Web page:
Unit III: Romantic Aesthetics and Nature brings together Burke, Kant, Gilpin, Schiller, Wordsworth and Coleridge, along with critical essays by Jonathan Bate, Walker Percy, Arnold Berleant, Christopher Hitt, Lawrence Buell, and Neal Evernden. The centerpiece of this unit is, of course, the comparison between Burke's and Kant's ideas of the sublime and beautiful. On the beautiful, we read Parts 1 and 3 of Burke's A Philosophical Enquiry into our Ideas on the Sublime and the Beautiful alongside selections from the First Book Kant's Critique of the Power of Judgment ; on the sublime, Part 2 of Burke's Enquiry and the sections on the mathematical and dynamic sublime from the Second Book of Kant's Critique . We also read a few brief excerpts from Gilpin's Three Essays on the Picturesque to introduce this critically important aesthetic category. (While Gilpin stands in as the representative of the picturesque, I acknowledge the limits involved in such an oversimplification of this complex and conflicted theory.) Bringing Theodor Adorno's analysis of the aestheticization of nature to bear on a critique of aesthetic, particularly picturesque, mediations of nature, Jonathan Bate's "The Picturesque Environment," chapter five of The Song of the Earth , provides a point of departure for our discussion. After introducing the sublime, beautiful and picturesque, we place Schiller's On the Naive and Sentimental in conversation with Wordsworth's Preface to Lyrical Ballads and Coleridge's Biographia Literaria . Schiller's ideas on the naïve and sentimental offer a post-Kantian revision of dualism in which nature serves as an important agency to foster human self-realization—the via negativa , which will re-emerge in our later discussions of Wordsworth and Charlotte Smith.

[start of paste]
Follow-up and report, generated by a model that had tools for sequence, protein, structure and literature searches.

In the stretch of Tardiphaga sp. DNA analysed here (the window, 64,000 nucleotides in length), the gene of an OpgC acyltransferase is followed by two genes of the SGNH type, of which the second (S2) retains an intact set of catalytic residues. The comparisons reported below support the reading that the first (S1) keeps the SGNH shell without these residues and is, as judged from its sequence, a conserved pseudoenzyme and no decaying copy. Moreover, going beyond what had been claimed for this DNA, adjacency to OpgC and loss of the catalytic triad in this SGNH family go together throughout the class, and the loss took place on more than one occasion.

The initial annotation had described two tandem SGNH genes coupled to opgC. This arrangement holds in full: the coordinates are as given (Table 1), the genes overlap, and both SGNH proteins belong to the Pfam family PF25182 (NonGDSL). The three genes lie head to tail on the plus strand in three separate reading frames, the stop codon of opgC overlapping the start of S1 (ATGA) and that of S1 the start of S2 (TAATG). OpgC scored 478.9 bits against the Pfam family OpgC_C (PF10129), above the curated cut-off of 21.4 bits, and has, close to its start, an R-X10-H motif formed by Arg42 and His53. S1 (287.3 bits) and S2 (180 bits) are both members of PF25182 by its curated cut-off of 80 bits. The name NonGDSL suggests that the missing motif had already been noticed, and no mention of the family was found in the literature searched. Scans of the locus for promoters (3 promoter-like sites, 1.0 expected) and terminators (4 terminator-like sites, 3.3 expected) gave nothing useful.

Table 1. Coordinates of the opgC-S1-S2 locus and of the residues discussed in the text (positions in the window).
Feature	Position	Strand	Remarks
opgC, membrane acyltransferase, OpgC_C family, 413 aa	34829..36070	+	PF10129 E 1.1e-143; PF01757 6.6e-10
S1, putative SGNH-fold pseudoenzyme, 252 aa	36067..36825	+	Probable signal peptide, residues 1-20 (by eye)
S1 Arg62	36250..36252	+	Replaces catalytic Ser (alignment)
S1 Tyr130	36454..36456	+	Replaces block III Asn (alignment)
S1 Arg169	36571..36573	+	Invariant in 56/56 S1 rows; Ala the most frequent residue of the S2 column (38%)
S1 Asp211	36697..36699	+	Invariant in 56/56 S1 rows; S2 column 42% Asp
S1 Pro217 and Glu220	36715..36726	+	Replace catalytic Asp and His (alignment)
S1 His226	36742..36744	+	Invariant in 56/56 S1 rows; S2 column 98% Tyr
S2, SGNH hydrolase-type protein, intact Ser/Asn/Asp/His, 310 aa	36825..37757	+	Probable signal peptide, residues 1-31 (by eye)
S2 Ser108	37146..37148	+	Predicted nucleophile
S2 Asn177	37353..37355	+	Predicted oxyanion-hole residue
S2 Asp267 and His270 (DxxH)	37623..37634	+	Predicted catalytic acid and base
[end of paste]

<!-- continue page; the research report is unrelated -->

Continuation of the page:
There seems to be a theme for what music is played when. For example, the “Midsummer” music (I still don’t know what it is called or who it’s by) seems to always be played in relation to romanticism (scenes concerning the Neil and the play and also scenes about Knox and Chris). The music played during the kicking the ball scene is Handel who is Baroque. Baroque describes “anything irregular, bizarre, or otherwise departing from established rules and proportions.” (Britannica) Beethoven is borderline classicism/romanticism – depending on which part of his life the piece was composed, and Tchaikovsky is romanticism.
In the traditional, specifically historical sense, romanticism was the peak of the anti-Enlightenment movement that spread throughout Europe. Its socioideological foundation consisted in a disillusionment with bourgeois civilization and with social, industrial, political, and scientific progress, which had introduced new contradictions and antagonisms and had resulted in fragmentation, leveling, and the spiritual devastation of the individual. “The social and political institutions which had been established ‘by the victory of reason’ turned out to be evil, evoking bitter disillusionment by their caricature of the glittering promises of the Enlightenment thinkers” (F. Engels, in K. Marx and F. Engels, Soch ., 2nd ed., vol. 19, p. 193). Vaguely suggested during the Enlightenment and first expressed in sentimentalism and preromanticism, criticism of the objectionable character of the bourgeois way of life and protest against the banal, prosaic, soulless, egotistical quality of bourgeois relations became particularly sharp among the romantics. History was not subject to “reason” but appeared to be irrational and full of mysteries and unpredictable events. The contemporary structure of the world seemed hostile to human nature and to personal liberty.